Sandbox theme issues
Sorry if this is answered elsewhere…I’ve been searching for a while and haven’t found much concerning how to customize the Sandbox theme, aside from everyone saying how flexible it is (which indeed it is.)
I find that no matter which Sandbox skin I choose–zero sidebars, one, or two–the resultant blog still has HTML for two sidebars. Worse, both sidebars always have content in them, even if I clear out all of the content on the “customize sidebar” screen.
What I really want is a skin with one sidebar. How do I get that?
Thanks very much.
Well, I just figured out the “display: none;” CSS command, so I can make the sidebars disappear.
I’m making good progress, but is there a good tutorial online on how to customize the Sandbox theme with CSS? I haven’t found much.
I think the assumption has been that because of the relative complexity of Sandbox (it was designed for maximum flexibility, so there are a lot of classes and IDs) there wouldn’t be any beginners hacking away on it :)
What I tend to do if I’m coding a new style is build on top of the existing layout skins, rather than selecting ‘no style’ and doing the entire thing in custom CSS. So if I wanted two columns, I’d select one of the 2-column minimalist layouts and then add my custom CSS.
The advantage of this is that all the boring basic structural stuff is already done for you; it should work across multiple browsers and resolutions, and you can concentrate on making your site look pretty. The disadvantage is that you may find yourself using
!importanta lot to override settings in the base stylesheet, but then I find that’s the case even when ‘no style’ is selected.
I’m more or less a CSS beginner, and I’ve been hacking away happily, tweaking existing skins till I get something I like the look of. Apart from the Internet Explorer problems I moaned about on another thread (and which I think I’ve solved by switching to a one-sidebar layout, which is OK) it’s been fun. And I keep on finding new things to tweak.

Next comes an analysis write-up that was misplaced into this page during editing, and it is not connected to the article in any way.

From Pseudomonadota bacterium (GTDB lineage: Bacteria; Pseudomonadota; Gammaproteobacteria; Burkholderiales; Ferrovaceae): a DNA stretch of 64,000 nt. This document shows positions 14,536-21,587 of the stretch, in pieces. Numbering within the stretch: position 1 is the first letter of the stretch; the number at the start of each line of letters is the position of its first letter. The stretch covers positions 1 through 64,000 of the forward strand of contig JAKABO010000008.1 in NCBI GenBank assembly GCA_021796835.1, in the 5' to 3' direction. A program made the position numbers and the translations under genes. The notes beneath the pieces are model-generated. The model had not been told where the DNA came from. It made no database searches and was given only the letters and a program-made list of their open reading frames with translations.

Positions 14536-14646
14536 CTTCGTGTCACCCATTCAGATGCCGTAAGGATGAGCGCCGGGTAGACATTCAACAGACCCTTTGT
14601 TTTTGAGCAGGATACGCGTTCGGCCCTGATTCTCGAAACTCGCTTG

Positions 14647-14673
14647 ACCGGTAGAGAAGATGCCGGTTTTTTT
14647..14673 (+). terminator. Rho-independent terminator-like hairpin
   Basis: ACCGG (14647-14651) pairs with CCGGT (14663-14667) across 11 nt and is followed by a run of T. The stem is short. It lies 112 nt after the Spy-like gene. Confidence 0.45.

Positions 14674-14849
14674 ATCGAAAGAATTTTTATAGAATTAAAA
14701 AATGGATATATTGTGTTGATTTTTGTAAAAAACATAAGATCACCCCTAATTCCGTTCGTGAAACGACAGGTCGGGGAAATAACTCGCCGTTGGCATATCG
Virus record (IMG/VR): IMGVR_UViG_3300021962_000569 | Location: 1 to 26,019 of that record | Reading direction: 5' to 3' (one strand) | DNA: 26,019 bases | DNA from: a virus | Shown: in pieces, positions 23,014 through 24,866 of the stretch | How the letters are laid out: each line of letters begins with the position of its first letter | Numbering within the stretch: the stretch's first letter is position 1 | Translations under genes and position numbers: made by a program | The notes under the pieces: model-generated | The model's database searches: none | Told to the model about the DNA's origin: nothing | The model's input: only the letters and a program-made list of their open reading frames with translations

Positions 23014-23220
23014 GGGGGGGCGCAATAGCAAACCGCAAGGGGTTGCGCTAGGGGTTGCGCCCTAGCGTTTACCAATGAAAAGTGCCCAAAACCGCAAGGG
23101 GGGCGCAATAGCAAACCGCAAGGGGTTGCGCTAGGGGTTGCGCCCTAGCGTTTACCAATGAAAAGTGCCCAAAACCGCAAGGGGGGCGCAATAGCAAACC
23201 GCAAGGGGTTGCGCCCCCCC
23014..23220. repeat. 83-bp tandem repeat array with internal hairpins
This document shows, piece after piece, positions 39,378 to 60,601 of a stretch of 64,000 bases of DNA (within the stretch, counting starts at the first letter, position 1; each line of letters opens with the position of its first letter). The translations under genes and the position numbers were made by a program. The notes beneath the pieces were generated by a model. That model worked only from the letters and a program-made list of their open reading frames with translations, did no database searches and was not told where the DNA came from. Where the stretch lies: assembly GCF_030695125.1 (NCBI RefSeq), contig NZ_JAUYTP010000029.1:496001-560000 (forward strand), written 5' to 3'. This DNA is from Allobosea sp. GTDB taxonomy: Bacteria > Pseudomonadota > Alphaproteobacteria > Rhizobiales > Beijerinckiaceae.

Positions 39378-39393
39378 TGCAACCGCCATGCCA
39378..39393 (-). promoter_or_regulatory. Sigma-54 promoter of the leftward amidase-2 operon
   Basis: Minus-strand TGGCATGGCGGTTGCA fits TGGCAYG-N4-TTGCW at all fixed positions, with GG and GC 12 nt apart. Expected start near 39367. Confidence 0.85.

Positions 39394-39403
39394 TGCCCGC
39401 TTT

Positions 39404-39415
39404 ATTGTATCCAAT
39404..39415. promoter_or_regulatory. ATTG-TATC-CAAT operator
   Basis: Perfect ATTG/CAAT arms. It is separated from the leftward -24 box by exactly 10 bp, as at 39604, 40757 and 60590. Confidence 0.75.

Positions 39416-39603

That’s great. I think what the staff have been overlooking when they say that the CSS upgrade is for advanced users only is that it doesn’t actually take that long for a motivated beginner to become advanced enough to get their blog looking the way they want it. Most people don’t learn CSS from books or classes; they cut their teeth playing around on their own sites. That’s how I learned, anyway, and it was much more enjoyable that way.
I did a lot, and I mean a lot; of RTFM.
I suppose, although using a book for reference isn’t a bad idea, nor a bad investment. Places like Barnes & Noble and Amazon.com have many good books on this subject. Also, you might be pleasantly surprised what you will find in your local library.
Those who are serious enough about learning this might find that a $30.00 investment of a decent book like this will be well worth it. A lot of good books are written with beginners in mind, and advance chapter by chapter.
Not to mention, it might impress your friends when they see it in your bookcase. :D
There is also W3schools, which is an excellent resource on the Net. To each his own. Folks like myself who read books frequently might like the printed approach rather than trying to Google for solutions.
Just a thought.
CSS Learning Resources
Every Day Reference:
When I started learning CSS in dec my only resource was Google and searching for “css keyword” + looking at other people’s CSS designs.
Of course, Google almost always brings up the w3schools CSS link first, so it really is a good starter.
That was exactly how I learnt the basics. I looked at a CSS file and tried to figure out what went to what. Then I looked up on w3schools what the hell they meant. I still regularly break my blog with CSS changes but, damn it’s fun!
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